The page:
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Jewish Journal

Satin’s big league dream

Rob Abel, Contributing Writer

August 28, 2013 | 12:36 pm

New York Mets first baseman Josh Satin.  Photo by Rich Kane

New York Mets first baseman Josh Satin. Photo by Rich Kane

When New York Mets infielder Josh Satin hit his second Major League home run on Aug. 21, it was hard to know what was more noteworthy: the fact that the Jewish player from Hidden Hills was a relatively old 28 or that there was a fan with a “Hail Satin” sign in the stands. 

For Satin and his family, this answer is clear. This summer’s extended call up to the big leagues has been the exclamation point on a baseball career filled with twists and turns in the minors. 

“You’ve got to keep your dream until you fail, and he hasn’t failed,” said David Satin, Josh’s father. 

Satin’s promising career began at Harvard-Westlake School in Studio City. There he was a three-time all-league selection and played alongside future Major League outfielder Brennan Boesch. 

Growing up, Satin said he looked for inspiration to the likes of eight-time All-Star Chipper Jones of the Atlanta Braves and Shawn Green, a fellow Jew who played part of his career for the Los Angeles Dodgers and the Mets. 

“I’d look up to them and try to emulate them,” Satin said during a phone interview.

Things got slightly sidetracked at the University of California, Berkeley, when he was forced to take an injury redshirt season. Still, he returned to play second base for the Golden Bears, batting .348 in a season that saw him named a 2005 PAC 10 Conference All-Star. In 2008, he did even better, batting .379 his senior year. He was named a conference All-Star again and NCAA first-team college All-American.

Then, at the ripe old age of 23, Satin was drafted by the New York Mets in the sixth round. (This same year, Ike Davis, who also is Jewish, was signed by the Mets in the first round.) 

Having his son drafted by a pro club was a proud moment for Satin’s father.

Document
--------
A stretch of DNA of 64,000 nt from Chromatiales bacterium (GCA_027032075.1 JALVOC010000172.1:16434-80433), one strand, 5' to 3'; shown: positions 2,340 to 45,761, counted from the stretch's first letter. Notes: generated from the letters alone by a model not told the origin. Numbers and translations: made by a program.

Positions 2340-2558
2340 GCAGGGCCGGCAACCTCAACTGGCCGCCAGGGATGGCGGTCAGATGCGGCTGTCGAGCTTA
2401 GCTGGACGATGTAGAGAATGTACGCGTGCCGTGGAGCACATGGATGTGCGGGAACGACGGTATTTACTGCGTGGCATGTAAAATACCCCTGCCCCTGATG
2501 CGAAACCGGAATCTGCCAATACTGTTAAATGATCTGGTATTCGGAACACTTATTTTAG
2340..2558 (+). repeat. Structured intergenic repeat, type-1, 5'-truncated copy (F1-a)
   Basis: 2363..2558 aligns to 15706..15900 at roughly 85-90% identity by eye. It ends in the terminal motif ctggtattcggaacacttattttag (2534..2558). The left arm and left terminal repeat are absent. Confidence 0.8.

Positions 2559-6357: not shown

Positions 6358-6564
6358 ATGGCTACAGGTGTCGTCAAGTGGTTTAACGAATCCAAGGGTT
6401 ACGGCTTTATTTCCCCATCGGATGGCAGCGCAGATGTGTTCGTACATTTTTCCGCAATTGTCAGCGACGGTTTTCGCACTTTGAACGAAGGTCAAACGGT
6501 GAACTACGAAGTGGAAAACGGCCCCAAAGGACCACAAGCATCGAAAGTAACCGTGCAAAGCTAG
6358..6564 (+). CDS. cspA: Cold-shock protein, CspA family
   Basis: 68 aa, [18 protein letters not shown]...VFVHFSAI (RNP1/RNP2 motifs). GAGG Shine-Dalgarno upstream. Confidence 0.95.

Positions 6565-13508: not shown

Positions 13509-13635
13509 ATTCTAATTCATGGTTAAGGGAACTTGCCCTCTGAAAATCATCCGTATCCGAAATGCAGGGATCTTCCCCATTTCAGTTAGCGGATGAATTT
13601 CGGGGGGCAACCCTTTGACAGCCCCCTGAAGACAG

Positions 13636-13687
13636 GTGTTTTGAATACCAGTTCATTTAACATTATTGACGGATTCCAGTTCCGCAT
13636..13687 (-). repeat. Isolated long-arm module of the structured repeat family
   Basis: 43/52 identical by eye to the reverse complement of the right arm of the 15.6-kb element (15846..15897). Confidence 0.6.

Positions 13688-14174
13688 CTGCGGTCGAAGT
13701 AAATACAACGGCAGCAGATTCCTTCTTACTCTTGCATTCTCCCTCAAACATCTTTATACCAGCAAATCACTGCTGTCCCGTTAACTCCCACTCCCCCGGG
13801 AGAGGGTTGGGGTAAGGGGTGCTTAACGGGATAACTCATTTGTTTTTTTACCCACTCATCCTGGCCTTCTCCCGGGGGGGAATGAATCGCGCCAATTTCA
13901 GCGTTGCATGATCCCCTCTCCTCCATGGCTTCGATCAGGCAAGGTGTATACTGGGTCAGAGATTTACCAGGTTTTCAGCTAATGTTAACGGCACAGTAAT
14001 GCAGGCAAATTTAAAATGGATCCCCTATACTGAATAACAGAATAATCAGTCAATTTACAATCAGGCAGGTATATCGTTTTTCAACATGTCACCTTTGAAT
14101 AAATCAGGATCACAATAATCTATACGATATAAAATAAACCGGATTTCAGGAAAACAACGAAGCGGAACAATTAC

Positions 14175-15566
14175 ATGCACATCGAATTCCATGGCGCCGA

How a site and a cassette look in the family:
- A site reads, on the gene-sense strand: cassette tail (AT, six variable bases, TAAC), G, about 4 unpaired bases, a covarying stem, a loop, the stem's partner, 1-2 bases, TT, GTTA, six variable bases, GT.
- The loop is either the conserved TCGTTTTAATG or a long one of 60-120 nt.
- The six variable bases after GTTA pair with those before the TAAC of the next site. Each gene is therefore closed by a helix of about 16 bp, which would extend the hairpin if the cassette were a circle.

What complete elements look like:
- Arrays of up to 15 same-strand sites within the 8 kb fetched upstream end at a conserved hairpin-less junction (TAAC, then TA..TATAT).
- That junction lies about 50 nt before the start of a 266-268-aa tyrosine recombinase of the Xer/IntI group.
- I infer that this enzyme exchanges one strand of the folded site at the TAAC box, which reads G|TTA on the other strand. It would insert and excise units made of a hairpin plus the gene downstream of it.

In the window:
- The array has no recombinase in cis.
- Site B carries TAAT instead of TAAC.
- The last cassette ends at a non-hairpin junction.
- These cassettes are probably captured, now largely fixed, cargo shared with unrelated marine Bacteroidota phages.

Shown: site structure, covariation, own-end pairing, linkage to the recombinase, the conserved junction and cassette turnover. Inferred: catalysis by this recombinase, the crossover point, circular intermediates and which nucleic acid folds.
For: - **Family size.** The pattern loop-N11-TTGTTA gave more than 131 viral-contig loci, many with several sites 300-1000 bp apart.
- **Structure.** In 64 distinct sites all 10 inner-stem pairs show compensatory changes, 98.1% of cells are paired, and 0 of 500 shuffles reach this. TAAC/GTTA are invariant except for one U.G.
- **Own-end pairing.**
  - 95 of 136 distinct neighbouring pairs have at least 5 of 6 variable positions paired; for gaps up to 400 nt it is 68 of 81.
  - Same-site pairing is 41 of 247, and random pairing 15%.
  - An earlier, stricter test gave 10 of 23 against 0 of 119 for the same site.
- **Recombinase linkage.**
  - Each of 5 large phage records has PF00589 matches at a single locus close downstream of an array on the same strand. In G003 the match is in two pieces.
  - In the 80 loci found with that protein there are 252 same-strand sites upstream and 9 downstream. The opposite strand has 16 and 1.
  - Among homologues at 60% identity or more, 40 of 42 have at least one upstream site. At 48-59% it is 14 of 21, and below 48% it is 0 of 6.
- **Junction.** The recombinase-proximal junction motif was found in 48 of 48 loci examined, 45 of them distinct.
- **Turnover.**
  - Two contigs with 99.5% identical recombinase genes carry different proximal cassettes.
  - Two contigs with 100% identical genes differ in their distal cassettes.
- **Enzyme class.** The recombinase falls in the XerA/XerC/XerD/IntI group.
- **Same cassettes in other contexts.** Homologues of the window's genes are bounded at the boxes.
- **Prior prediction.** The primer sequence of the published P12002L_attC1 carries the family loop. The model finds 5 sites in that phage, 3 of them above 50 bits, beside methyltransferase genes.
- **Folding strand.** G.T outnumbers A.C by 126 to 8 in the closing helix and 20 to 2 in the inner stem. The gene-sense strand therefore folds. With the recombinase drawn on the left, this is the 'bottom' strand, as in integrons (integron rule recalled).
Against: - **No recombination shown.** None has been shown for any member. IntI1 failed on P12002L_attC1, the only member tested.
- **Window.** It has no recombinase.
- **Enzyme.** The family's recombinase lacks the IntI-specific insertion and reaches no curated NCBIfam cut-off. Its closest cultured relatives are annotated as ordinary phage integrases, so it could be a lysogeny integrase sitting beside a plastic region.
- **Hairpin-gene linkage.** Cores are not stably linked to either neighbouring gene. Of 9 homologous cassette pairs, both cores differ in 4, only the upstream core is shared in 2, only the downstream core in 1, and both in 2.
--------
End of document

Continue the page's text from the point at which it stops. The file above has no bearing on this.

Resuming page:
“How I felt about it is euphoric,” he said. “We’ve been hoping for this for a long time.”

Making it to the majors would take a little longer. Since signing his first contract, he’s spent time playing for the Kingsport Mets (Tennessee), Brooklyn Cyclones (New York), Savannah Sand Gnats (Georgia), St. Lucie Mets (Florida), Binghamton Mets (New York), Buffalo Bisons (New York) and Las Vegas 51s (Nevada).

It was in 2011 that Satin got his first taste of the big leagues, playing in 15 games. Last year, he was back — but only for one game. In fact, it was only for one at bat, and he struck out.

He also played for team Israel in a 2012 World Baseball Classic qualifying tournament.

This past June, Satin was called back again to play for the Mets, replacing Davis. And he’s made the most of it, hitting close to .300. Earlier this month, Satin tied a Mets rookie record by reaching base in 29 consecutive games that he started. 

No matter what happens next with regard to how he and Davis are used in the future, Satin said he just cares about the success of the team.

“We’re both here to help the team, and we’re going to do what we can to help,” he said. “He’s one of my best friends on the team.”

Being a Jewish player in the major leagues is a small brotherhood — one that got a little smaller this season with the suspension of the “Hebrew Hammer” Ryan Braun of the Milwaukee Brewers for using performance-enhancing drugs. 

“It’s a shame, obviously, but I have a lot of respect for him and what he’s done for the game, but they’ve got to clean it up” Satin said. 

The media in New York is already speculating about Satin’s future and how big a role he’ll play with the Mets going forward. No matter what happens, Satin insists it hasn’t changed him.

 “Everything I do is pretty regular,” he said. “I woke up this morning, went to the Laundromat, did my laundry and went to Starbucks for a cup of coffee.” n

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